Employment’s glass ceiling needs to just disappear
Women have been in the workforce for decades in one capacity or another, but often have been in traditional roles, and when they did manage to break the “glass ceiling,” their paychecks weren’t always as big as their male counterparts’ take-home pay.
Women in Michigan still earn just 80 cents for each dollar a man earns and comprise just over 30% of Michigan business owners, according to data from Status of Women in the States.
The issue has been at the forefront in the Marquette area.
In May, Innovate Marquette SmartZone held a Women in Entrepreneurship panel discussion at Barrel + Beam in Marquette Township where local women entrepreneurs discussed their business journeys.
On Monday, state Rep. Sara Cambensy, D-Marquette, and state Sen. Mallory McMorrow, D-Royal Oak — who chair the Progressive Women’s Caucus Women in the Workforce Task Force — gathered local businesswomen at the Delft Bistro in Marquette to talk about their experiences.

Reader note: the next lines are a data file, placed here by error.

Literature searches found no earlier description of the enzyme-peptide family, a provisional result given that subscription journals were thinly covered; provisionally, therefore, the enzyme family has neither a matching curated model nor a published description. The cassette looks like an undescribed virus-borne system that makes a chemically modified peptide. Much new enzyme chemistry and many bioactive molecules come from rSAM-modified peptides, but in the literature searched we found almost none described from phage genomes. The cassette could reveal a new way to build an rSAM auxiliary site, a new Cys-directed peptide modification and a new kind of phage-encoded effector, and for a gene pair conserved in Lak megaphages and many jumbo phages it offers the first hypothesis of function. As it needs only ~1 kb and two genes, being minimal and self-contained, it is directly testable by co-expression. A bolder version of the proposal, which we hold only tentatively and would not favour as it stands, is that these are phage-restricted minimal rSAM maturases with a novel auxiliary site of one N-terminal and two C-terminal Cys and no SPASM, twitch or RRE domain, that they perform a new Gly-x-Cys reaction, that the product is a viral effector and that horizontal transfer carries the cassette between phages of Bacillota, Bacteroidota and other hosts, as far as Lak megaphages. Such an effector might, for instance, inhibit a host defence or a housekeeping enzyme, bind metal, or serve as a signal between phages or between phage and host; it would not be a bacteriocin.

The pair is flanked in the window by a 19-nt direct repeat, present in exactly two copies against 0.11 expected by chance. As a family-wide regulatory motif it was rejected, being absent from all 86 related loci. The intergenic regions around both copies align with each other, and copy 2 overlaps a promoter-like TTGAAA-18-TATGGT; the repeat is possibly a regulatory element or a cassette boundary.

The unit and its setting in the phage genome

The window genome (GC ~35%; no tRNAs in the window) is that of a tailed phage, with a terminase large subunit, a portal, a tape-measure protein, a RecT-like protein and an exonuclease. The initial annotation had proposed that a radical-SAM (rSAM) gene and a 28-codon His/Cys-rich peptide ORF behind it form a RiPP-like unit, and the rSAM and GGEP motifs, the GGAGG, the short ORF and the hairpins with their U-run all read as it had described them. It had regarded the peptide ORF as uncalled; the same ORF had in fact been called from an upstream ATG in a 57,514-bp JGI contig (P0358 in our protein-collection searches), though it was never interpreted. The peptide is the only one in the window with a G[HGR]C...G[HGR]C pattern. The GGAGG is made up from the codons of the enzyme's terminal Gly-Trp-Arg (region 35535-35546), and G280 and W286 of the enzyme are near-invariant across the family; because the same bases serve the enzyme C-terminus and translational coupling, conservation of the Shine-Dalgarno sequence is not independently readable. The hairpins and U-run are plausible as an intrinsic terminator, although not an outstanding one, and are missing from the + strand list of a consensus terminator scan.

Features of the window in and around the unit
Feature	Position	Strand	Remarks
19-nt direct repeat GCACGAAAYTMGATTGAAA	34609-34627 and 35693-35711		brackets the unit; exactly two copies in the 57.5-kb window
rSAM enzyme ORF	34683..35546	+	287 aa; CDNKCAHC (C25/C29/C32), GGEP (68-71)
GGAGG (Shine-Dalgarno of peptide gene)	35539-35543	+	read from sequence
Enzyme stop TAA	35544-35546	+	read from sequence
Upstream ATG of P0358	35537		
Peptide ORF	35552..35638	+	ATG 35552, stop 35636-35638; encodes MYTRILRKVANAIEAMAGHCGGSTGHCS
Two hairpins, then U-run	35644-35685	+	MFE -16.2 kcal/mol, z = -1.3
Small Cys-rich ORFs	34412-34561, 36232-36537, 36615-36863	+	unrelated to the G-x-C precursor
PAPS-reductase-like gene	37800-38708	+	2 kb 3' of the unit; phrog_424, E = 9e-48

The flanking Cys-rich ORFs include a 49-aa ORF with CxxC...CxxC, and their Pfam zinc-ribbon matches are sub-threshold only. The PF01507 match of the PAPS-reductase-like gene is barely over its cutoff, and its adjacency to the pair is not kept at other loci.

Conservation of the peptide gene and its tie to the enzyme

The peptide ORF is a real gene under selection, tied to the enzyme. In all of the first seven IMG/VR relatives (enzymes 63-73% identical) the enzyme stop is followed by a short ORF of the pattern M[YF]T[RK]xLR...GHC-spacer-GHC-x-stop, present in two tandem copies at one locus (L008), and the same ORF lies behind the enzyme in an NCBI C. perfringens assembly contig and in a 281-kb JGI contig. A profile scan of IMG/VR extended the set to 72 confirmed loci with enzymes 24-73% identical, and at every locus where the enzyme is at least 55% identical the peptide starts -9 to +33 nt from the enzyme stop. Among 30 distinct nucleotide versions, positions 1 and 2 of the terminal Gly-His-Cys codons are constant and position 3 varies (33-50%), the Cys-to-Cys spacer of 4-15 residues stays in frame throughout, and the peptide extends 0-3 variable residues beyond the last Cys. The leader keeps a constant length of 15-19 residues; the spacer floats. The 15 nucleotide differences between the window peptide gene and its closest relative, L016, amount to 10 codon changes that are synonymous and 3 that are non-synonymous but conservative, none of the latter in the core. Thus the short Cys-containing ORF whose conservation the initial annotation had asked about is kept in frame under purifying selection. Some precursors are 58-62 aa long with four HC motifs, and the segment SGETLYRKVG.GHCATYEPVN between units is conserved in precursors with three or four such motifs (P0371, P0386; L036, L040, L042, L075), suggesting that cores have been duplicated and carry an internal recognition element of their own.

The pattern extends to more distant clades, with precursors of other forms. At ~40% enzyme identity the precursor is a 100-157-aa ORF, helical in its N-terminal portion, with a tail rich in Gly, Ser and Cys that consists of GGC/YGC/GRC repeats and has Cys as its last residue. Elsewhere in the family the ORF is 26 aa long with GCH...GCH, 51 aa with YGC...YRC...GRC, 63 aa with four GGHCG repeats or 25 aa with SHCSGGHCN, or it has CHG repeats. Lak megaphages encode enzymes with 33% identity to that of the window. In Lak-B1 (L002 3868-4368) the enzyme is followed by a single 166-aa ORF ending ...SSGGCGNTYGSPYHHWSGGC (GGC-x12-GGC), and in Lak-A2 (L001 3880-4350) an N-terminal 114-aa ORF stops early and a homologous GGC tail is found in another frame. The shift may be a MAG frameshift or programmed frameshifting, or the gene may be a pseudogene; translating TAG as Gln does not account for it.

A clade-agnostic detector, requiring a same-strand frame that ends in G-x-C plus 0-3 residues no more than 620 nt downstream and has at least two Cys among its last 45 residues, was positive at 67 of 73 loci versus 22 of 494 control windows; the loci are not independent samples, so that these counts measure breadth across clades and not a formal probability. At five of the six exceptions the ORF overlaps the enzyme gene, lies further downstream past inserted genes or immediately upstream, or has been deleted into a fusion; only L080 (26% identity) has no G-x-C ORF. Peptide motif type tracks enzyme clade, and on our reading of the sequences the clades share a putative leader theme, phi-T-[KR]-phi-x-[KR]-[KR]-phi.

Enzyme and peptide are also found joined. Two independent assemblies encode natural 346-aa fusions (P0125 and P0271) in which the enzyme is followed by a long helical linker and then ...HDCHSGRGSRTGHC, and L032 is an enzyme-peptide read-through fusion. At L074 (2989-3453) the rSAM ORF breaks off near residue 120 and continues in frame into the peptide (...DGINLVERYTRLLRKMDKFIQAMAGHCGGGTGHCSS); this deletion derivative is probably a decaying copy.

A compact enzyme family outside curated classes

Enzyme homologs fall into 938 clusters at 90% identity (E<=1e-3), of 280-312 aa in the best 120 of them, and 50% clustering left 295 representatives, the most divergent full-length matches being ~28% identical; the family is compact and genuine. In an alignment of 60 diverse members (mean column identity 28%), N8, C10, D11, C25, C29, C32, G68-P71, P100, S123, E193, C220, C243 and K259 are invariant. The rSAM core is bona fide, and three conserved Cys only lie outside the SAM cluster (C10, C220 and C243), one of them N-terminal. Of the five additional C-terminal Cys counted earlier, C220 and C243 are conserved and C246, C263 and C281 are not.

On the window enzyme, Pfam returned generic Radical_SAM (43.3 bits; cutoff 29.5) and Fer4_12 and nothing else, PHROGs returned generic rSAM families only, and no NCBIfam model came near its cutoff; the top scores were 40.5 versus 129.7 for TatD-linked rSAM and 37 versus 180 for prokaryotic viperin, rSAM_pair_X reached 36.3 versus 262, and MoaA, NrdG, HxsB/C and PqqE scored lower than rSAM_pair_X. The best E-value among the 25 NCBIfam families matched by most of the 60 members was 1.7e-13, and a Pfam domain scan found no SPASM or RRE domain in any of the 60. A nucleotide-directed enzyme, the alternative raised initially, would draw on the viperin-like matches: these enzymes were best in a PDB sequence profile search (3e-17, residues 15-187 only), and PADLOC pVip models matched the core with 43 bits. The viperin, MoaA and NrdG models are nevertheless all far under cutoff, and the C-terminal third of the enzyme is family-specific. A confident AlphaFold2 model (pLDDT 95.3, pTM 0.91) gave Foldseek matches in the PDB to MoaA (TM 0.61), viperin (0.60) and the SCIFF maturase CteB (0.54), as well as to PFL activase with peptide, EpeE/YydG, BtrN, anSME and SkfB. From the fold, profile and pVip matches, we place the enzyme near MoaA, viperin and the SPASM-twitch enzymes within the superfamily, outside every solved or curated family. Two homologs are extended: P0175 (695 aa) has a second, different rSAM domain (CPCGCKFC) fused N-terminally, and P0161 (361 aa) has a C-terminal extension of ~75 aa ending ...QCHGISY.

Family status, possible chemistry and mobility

They came from diverse business backgrounds, including a bakery, a restaurant, a mine and even The Mining Journal.
Discussed at the forum was the fact that women attend college and start businesses, but business owners still tend to be male. There are more female doctors and lawyers than in the past, but in construction and the trades, they particularly are underrepresented.
What many people might not realize is that families that choose to have two incomes have more spending power when both workers are paid fairly.
If nothing else, women want the satisfaction of being able to reach career goals in the same vein as men.
Madeline Goodman, owner and operator of MadGoodies Studio, said at Monday’s event that she tries to foster collaborative, supportive relationships within her business and with others.
Competition has its place, but often women need the support of other women in similar business situations.
Cambensy and McMorrow hope to hear about women’s business issues across Michigan, with McMorrow posting a launch video soliciting input from women.
Women in business have made many strides in recent years, but those efforts need to keep being pushed forward so women — and the men who benefit from their increased equality — can fully realize their potential.
The glass ceiling not only needs to be broken, it needs to be smashed.